• Relationships and Trust: may relate to your work if you want to improve the performance of interorganisational cooperation, and are keen to learn about contracting and management strategies for fostering cross-organisational trust.
  • Power and Ethics: are key questions in the context of increasing distrust of citizens in government. Theconference is a place to learn more how to apply and promote ethical decisions in your work as a public administrator.
  • System Change: may relate to your work if you want to reduce silo-working and create over-arching accountability frameworks to solve complex, interrelated public policy problems.
  • Disrupting voices: may relate to your work navigating different geographic perspectives within the UK or globally, or to work engaging different political perspectives, or to work engaging voices from different social contexts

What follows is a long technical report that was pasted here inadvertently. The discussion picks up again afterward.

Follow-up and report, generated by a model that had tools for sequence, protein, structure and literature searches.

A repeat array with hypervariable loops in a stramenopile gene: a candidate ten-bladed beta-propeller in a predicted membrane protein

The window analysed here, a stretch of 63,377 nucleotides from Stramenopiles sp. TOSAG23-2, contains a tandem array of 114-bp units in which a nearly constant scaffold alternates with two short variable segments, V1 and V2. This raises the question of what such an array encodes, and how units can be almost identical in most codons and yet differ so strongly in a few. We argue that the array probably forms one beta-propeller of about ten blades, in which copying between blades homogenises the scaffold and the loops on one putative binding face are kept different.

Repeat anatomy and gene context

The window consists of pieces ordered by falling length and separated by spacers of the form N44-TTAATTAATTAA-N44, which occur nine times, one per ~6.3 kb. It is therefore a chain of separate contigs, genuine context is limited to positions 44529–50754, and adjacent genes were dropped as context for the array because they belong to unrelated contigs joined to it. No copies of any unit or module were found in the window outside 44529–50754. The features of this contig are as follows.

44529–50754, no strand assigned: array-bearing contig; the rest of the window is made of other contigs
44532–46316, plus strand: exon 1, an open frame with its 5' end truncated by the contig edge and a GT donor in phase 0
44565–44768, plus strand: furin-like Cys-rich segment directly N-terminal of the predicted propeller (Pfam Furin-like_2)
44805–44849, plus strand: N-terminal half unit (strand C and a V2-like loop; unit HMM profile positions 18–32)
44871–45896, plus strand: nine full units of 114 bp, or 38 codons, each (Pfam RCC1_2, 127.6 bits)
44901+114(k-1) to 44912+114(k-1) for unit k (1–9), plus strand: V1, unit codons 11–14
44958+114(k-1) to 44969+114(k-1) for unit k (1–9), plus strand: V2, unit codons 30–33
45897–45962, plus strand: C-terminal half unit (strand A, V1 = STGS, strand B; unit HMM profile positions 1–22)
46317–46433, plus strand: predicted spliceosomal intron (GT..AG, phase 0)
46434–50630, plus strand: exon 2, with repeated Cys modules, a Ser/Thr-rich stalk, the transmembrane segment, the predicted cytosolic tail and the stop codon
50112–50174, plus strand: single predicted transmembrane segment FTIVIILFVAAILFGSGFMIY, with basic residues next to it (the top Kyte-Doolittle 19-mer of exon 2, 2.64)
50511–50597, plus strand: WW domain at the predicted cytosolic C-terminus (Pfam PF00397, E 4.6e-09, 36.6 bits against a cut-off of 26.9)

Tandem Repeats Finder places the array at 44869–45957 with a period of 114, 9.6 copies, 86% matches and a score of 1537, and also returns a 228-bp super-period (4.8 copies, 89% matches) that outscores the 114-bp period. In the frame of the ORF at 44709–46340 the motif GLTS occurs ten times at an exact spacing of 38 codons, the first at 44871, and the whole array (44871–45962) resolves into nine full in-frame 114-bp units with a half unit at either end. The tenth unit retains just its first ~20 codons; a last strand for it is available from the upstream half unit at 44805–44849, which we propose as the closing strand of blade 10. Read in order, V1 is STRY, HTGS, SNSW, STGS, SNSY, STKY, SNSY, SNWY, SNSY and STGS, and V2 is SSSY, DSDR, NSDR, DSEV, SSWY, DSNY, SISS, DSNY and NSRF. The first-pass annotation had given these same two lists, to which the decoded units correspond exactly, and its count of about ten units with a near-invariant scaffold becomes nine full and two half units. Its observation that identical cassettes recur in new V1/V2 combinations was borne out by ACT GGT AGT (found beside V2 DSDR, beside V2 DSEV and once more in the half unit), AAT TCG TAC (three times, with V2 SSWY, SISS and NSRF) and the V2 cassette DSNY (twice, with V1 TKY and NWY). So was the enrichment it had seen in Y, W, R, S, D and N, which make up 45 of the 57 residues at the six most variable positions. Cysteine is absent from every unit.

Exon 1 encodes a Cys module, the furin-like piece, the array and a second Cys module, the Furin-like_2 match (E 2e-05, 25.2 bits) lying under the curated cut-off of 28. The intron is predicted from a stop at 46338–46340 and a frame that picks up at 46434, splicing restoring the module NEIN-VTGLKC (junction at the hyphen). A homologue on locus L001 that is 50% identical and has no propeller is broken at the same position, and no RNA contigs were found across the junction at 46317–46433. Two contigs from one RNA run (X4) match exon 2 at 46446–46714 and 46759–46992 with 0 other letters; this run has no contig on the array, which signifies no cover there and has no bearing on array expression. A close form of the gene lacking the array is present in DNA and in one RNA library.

• Innovations: might relate to your work if you want to learn about conditions for the successful adoption and diffusion of public service reform initiatives.

Examples of how SOC23’s themes may relate to your work are:

  • Relationships and Trust. Non-profit organisations are mission-driven, and therefore perhaps deserve greater trust from governments and others than they are given. Come to hear (and offer) perspectives on whether this trust should be earned or can be assumed.
  • Power and Ethics. Non-profit and community organisations tend to stand up for the less powerful in society. Learn how systems could be set up to better hear the voices of the people we are aiming to serve.
  • System Change. Sometimes charities are held back from delivering their mission by the system they operate in. Get ideas for how the system could be different and what might trigger change.